By Martin Bricketto

Law 360, new York ( august 20,2015,4:40 pm ET ) – Lowe’s Home Center LLC has been hit with a putative class action in New Jersey state court accusing the home improvement giant benefit obligation in the process.

The complaint that one-time Lowe’s installer Thomas Mittl launched in Ocean County Superior Court on August. 3 contends that he and other installers should have been treated as full-time or part-time employees under the New Jersey Construction Industry Independent Contractor Act and that Lowe’s has run afoul of worker’s compensation, unemployment compensation and temporary disability laws.

Lowe’s uses worker such as Mittl to provide customer with installation services for a variety of the products, ranging from appliances to garage doors, the complaint said. Mittl, who owns and operates Toms River Automatic Door and Window Co., specifically handled millwork for Lowe’s, according to the complaint, which levels claims against the company for allegedly violating the CIICA and unjust enrichment.

“By misclassifying Plaintiff and the Class as independent contractors rather than as employees, Lowe’s unjustly enriched itself by avoiding paying Plaintiff’s and Class’s employment taxes and [Federal Insurance Construction Act] withholding taxes, avoided paying liability, workers compensation insurance and it avoided paying Plaintiff and the Class employee benefits offered and paid to all other Lowe’s employees,” the complaint said.

Looking to represent a class of New Jersey installers, Mittl said he worked about 80 hours per week on jobs for Lowe’s, which has about 40 stores across the state and racked up $56.2 billion in sales nationwide last year.

As part of take-it-or-leave-it contracts with Mittl and other installers, Lowe’s had extensive control over how they went about their jobs, according to the complaint.

Lowe’s assigned customers for installers, and those customers paid the company directly, the complaint said. Additionally Mittl and other installers had to wear Lowe’s shirts and hats, which effectively meant they are representing themselves as employees of the company, according to the complaint. Mittl also said that he had to provide installation services under the Lowe’s name and not that of his own business.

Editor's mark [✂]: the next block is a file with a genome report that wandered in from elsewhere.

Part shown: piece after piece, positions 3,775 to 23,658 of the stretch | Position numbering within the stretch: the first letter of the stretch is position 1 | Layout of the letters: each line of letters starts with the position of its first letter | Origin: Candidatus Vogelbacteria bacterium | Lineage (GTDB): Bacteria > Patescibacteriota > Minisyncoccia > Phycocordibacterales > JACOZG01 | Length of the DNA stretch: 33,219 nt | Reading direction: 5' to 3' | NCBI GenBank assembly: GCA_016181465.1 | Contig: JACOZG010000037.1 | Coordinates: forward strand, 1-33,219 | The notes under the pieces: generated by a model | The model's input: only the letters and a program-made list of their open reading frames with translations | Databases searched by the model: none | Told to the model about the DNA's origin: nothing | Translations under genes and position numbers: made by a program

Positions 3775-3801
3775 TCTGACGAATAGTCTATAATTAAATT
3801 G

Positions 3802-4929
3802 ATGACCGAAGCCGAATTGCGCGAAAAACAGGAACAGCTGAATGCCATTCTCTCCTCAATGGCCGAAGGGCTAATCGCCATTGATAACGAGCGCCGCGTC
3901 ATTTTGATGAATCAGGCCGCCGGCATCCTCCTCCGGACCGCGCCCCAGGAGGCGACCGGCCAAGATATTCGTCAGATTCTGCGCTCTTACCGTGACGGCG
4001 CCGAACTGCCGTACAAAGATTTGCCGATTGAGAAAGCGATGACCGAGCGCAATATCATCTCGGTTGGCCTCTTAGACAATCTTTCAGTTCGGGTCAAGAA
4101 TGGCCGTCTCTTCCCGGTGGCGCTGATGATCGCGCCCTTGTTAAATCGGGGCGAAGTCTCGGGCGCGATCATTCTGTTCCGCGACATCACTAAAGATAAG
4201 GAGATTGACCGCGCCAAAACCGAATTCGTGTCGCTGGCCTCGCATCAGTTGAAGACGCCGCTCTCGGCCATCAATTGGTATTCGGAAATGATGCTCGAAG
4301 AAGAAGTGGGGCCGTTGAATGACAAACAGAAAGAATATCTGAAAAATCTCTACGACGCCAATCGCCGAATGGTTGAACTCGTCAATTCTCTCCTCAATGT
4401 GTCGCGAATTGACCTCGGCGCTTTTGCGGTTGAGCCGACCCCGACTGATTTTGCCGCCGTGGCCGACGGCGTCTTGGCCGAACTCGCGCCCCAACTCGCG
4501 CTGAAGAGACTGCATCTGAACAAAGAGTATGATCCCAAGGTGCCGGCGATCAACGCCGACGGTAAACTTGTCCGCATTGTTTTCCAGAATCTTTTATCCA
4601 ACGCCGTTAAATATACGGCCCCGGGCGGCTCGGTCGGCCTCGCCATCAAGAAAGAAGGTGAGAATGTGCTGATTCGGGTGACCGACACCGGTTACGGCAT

Mittl handled millwork for Lowe’s for about 10 years until November 2014, according to the complaint. He said his contract was nixed after he bucked Lowe’s in refusing to install 70 windows that didn’t fit properly.

Representing Mittl, attorney Stephen T. Mashel of Mashel Law LLC said Thursday that Lowe’s installers such as his client are stuck in a limbo in which they’re not receiving the benefits that employees should receive, but they’re unable to develop the client base that independent contractors would otherwise have. Mittl couldn’t develop his own book of business because he had to cater to Lowe’s and its customers, and he was left without work when the company cast him aside, according to Mashel.

“Our client and the other installers are employees,” Mashel said. “ If it walks like a duck and quacks like a duck and flies like a duck, it’s a duck. [Lowe’s] exercised full dominion and control over our client and the other installers.”

A spokeswoman for Lowe’s declined comment on Thursday.

Mittl is represented by Stephan T.Mashel and Peter Valenzano of Mashel Law LLC and Jeff Block and Erica Langsen of Block and Leviton.
Counsel information for Lowe’s was not immediately available.

The case is Mittl v. Lowe’s Home Centers LLC, case number L-2142-15, in the Superior Court of New Jersey, Ocean County.

–Editing by Christine Chun

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